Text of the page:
Interview With a Price Raiser

More news on the CD price-increase front. Several weeks ago Hitsville noted that prices were going up: the Eagles reunion album and an Aerosmith greatest-hits set will list at $17.98, a dollar more than standard top-line pricing from the major labels. The labels are softening up consumers with much-anticipated arrivals at the start of a heated buying season; then, over the next year, as has happened with stultifying regularity in the past, rock fans will see prices go up across the board. No better example of this soak-the-fans mentality can be had than the upcoming No Quarter, the Jimmy Page-Robert Plant reunion album, due out from Atlantic soon, which will carry a $19.98 list price. Chutzpah on this scale is almost unprecedented: the only other single album on the market with a similar price is the latest Three Tenors CD (the Domingo-Pavarotti-Carreras Dodgers Stadium souvenir), and part of its excuse is the time-honored one-dollar surcharge on classical and sound-track albums. No other non-special-edition rock album has come out above $17.98; by way of comparison, Peter Gabriel is charging $19.98 for a two-disc live set.

In that previous column Hitsville went out of his way to rap Neil Young’s new album for its $17.98 list price. It turns out the album is not guilty of the charge; it’s a standard Warner $16.98 release. At the time Billboard had the record down at $17.98; this was confirmed by a local retailer; and neither Young’s management office nor reps at WEA, the Warner distribution arm, returned calls. I couldn’t find the root of the misinformation; at any rate, retailers now say the record had a wholesale price that translates into a $16.98 list, which is what Billboard now says as well. My apologies.

One of the problems with covering this subject is that the officials involved, as a rule, won’t make themselves available for comment. Through the intercession of Pearl Jam manager Kelly Curtis, Epic chairman David Glew agreed to chat. (Epic and Columbia are the main imprints of Sony Music.) What follows is a pretty good estimation of the labels’ side of the story; readers can make their own decisions. I asked Glew specifically about the increase in the price of Pearl Jam’s Ten: it came out at a $13.98 list three years ago but since has adopted a top-of-the-line $16.98 list. How can the label justify such a large increase in a catalog album?

“A lot of album prices stay down,” Glew said. “Most labels have budget lines: Best Buy, or Nice Price. Why doesn’t that get reported?”

Still, Hitsville said, that doesn’t justify raising prices on Ten.

“Look,” Glew replied. “Industry prices were lower at that time. At your paper, advertising rates were a lot lower than they are today. You don’t understand the dynamic of the business. Some companies make money and some companies don’t make money. As a business we have to make price increases regularly.”

Yes, Hitsville said, but not only do companies like Sony make money, they make more money every year.

“That’s not necessarily true,” Glew replied.

Has Epic had a bad year over the last five years?

“Epic’s done very well because I run a great company,” Glew said. “That’s the whole key. You’re focusing too much on price. My job is to develop careers and I’ve been doing it a long time. That’s my job: to break artists in the record business today.”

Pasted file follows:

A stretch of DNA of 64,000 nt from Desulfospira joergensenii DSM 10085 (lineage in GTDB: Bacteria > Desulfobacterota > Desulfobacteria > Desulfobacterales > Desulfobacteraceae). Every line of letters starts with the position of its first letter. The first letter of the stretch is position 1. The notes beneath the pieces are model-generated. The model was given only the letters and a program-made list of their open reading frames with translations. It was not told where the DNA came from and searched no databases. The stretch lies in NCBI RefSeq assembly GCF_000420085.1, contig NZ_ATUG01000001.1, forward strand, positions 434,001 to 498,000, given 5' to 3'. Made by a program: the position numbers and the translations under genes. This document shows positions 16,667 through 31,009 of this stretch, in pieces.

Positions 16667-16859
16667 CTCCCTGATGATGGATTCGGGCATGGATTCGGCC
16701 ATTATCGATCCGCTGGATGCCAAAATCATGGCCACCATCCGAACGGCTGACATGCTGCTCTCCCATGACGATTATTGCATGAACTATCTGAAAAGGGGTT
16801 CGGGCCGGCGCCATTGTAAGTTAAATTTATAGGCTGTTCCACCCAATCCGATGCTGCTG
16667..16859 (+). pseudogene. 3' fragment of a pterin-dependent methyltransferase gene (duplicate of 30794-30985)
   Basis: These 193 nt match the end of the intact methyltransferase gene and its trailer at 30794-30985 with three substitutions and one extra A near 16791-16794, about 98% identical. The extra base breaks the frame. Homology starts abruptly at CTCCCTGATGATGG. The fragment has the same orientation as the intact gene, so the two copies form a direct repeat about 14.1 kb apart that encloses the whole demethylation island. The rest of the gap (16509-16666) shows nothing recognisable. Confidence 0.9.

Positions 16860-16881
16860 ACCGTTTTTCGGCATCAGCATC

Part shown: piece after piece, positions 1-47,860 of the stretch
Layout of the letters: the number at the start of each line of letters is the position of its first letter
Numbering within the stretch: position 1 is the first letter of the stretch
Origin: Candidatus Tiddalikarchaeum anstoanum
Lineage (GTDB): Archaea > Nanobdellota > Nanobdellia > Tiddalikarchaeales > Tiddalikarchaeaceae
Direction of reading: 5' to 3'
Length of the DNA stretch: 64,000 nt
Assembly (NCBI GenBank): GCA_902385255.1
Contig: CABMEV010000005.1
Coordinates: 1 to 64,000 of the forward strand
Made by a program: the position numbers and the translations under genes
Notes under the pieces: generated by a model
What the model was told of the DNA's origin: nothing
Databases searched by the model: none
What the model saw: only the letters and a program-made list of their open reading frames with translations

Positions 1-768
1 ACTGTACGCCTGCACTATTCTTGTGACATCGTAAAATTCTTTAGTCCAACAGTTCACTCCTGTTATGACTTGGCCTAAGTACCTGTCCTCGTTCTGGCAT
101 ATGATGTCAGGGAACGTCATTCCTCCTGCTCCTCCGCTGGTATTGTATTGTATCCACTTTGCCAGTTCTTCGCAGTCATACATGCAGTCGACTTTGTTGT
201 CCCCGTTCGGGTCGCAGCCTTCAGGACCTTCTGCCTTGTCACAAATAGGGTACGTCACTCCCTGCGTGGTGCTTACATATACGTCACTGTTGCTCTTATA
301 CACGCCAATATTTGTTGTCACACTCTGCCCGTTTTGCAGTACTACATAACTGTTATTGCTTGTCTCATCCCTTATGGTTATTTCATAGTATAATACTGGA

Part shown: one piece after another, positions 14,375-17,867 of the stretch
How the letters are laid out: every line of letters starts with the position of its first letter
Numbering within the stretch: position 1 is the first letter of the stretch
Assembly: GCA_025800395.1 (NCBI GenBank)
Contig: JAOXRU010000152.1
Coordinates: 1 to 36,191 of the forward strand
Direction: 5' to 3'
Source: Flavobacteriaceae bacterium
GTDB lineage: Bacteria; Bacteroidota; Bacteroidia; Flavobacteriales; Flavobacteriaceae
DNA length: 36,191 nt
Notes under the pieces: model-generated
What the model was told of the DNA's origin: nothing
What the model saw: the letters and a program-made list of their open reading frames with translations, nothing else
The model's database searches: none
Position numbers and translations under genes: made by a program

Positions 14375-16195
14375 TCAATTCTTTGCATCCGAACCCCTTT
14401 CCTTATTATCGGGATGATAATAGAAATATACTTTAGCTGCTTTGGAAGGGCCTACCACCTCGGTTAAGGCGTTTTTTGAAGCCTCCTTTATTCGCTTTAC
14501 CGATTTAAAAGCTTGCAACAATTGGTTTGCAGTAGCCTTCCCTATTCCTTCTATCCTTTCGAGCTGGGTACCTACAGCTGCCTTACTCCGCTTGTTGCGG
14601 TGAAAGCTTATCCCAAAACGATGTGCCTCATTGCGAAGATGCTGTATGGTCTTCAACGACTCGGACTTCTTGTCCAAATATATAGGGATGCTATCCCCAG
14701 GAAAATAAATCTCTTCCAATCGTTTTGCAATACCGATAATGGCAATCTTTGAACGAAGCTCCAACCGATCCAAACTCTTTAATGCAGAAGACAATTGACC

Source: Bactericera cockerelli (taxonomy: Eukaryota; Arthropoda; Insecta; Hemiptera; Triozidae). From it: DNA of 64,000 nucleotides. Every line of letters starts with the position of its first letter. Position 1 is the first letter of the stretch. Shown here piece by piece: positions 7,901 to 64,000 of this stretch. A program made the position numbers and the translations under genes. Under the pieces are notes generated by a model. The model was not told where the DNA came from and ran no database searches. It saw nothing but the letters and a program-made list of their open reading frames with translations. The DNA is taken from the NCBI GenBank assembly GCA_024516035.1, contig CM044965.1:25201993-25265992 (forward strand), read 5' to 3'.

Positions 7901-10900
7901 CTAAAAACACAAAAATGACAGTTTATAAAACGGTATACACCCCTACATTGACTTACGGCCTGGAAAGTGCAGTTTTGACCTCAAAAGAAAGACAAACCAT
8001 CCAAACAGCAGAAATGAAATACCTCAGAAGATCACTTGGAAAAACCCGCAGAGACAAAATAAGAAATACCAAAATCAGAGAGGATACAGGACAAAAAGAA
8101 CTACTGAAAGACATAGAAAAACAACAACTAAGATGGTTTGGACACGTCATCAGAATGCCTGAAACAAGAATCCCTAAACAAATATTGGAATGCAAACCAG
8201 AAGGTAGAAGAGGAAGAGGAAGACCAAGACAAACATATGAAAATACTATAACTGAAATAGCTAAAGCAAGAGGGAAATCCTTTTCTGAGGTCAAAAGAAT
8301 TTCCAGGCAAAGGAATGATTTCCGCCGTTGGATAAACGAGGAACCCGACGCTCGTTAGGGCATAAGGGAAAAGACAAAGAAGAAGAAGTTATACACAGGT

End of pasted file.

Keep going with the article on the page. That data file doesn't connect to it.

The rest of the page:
Does Glew hear many complaints from consumers?

“There’s always a certain amount of opposition,”

he said. “But what’s been the number-one album the last month?”

The Lion King sound track–which lists at $18.98.

“And they’re selling as many as they can make,” Glew said.

In other words, consumers aren’t complaining where it counts.

Zoso What

MTV’s Unledded special (it debuted last Wednesday evening) was specifically not a Led Zeppelin reunion: Page and Plant excluded bass player John Paul Jones. (You’ll recall that the fourth member of the band, the brutish John Bonham, died after choking on his own vomit in 1980.) Let us focus then on the two remaining principals and savor the disaster that ensued. The Zep songs chosen were uninteresting, the new ones forgettable; the various sites employed (a Marrakesh courtyard, villagers crowding around; a bosky glade; a quarry close to the band’s beloved Bron-Y-Aur, in Wales) were uncomfortably Spinal Tap-ish; the interactions with the various exotic musicians were drearily forced. Unsurprising, most of this, but you forgot it all when you saw Jimmy Page. For a bit more than the first half of the 1970s, Page was many things: the most compelling and influential guitarist alive, the most inventive producer of the period, and a wildly imagined stage figure. These images evaporated while one watched the show. Page seemed barely able to stand, much less strut about the stage as he did in his heyday. In the accompanying interview, Plant was his normally glib self; Page–his face bloated almost beyond recognition, his eyes darting about distractedly–struggled to put together the words that made up his short, nonsensical replies. And if over the course of a 90-minute show he played a guitar solo I didn’t notice it. The musicians on the reunion bandwagon are picking money off trees; the members, on balance, deserve their take, even if they look a bit awkward as they harvest. Rather pathetically, Page longed for a Zeppelin reunion; Plant always ridiculed the idea. Maybe Page’s condition changed his mind. Unledded was unnerving in the way it made pity a more discomfiting display than greed.